5. Patagonia Nano-Air Vest – this is the new guy in my system but I’m a convert already. This provides a really nice boost to your core warmth but leaves your arms free and unrestricted. A really good alternative to traditional mid layers. Also breathes like an absolute muh’fucka.

6. Mountain Equipment Tupilak – I like Gore Tex Pro. It’s almost impervious to the driving Scottish wind and rain, and it breathes surprisingly well in spite of its waterproofness. The Tupilak is a real fortress against the weather, but this is the old version which had 40d Gore Pro on the body and so had some durability issues. The newer versions are 80d throughout. Mine’s actually delaminating quite extensively on the chest so is currently getting returned to Mountain Equipment under warranty.

7. Black Diamond Front Point Bib – let me just say that the full price tag on these is eye-wateringly steep and I didn’t (and wouldn’t) pay it. £500 for a pair of hard shell pants is comical! Luckily I got these for trade price. At first I wasn’t convinced by them as they’re baggier than I’d hoped (they’re designed to be used for skiing, as well as climbing) but I’ve got used to them now and never found them too obtrusive. In fact, I really like the design of them. The pockets are in all the right places (chest zip on the bib, and two thigh pockets for topos/keys/phone/whatever), the bib provides an extra layer of insulation over your chest and torso and so provides some warmth, and the cut means that they never feel restrictive when you’re stretching for footholds or attempting to jump across the 19th unfrozen peat bog on the walk out. They also have one of those snazzy Recco reflectors.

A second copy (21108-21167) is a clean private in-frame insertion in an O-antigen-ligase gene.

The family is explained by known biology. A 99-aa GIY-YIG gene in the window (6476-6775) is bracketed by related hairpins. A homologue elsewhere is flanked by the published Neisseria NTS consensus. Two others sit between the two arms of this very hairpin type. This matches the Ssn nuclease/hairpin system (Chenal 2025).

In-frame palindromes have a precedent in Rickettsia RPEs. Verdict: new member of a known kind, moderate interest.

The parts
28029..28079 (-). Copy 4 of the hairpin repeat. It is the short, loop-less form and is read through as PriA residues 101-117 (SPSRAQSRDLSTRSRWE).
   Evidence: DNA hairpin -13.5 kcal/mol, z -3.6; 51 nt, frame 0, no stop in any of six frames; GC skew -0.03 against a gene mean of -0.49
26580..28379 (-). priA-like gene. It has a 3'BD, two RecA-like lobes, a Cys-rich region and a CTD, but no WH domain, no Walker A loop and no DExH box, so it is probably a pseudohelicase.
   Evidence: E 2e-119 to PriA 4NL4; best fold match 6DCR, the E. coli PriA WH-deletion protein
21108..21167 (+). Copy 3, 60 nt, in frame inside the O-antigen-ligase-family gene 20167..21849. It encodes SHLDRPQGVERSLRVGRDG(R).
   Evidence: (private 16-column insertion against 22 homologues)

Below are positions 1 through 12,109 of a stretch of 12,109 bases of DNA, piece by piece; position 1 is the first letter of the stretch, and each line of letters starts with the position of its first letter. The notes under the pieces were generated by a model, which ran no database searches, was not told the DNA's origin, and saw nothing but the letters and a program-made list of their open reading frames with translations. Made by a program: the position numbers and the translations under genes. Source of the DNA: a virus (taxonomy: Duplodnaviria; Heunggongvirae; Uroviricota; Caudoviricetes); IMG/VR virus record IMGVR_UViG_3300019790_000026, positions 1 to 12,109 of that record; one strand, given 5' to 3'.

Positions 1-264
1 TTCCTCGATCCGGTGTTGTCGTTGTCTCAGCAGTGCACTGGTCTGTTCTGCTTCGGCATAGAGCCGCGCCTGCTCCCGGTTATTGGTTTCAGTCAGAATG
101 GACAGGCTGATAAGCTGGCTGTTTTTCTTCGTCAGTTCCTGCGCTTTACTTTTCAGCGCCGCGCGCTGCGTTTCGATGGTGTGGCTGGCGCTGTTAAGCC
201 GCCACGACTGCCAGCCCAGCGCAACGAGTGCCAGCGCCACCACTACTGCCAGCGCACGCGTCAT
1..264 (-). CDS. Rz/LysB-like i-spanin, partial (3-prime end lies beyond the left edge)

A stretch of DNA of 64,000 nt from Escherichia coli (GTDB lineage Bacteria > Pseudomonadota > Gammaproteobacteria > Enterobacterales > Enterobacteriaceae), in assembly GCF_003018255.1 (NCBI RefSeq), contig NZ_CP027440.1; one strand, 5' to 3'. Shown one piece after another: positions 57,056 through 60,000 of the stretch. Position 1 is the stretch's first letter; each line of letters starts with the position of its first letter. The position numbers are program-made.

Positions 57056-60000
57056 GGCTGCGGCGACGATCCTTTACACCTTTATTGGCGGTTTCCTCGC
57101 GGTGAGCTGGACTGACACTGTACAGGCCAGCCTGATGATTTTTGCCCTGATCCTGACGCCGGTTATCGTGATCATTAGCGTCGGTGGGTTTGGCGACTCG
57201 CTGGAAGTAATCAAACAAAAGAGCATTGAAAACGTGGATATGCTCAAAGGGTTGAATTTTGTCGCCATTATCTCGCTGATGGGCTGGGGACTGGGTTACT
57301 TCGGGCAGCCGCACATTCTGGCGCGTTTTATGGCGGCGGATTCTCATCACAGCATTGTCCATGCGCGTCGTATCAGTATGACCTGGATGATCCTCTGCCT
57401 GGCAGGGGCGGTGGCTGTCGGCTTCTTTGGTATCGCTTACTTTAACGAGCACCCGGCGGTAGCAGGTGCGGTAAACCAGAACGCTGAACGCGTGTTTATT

So there you have it. Scottish winter climbing places a largely unique set of demands on you and your equipment so this is the most recent of many different iterations of kit, but I feel like I’ll be sticking with this one for a good while yet.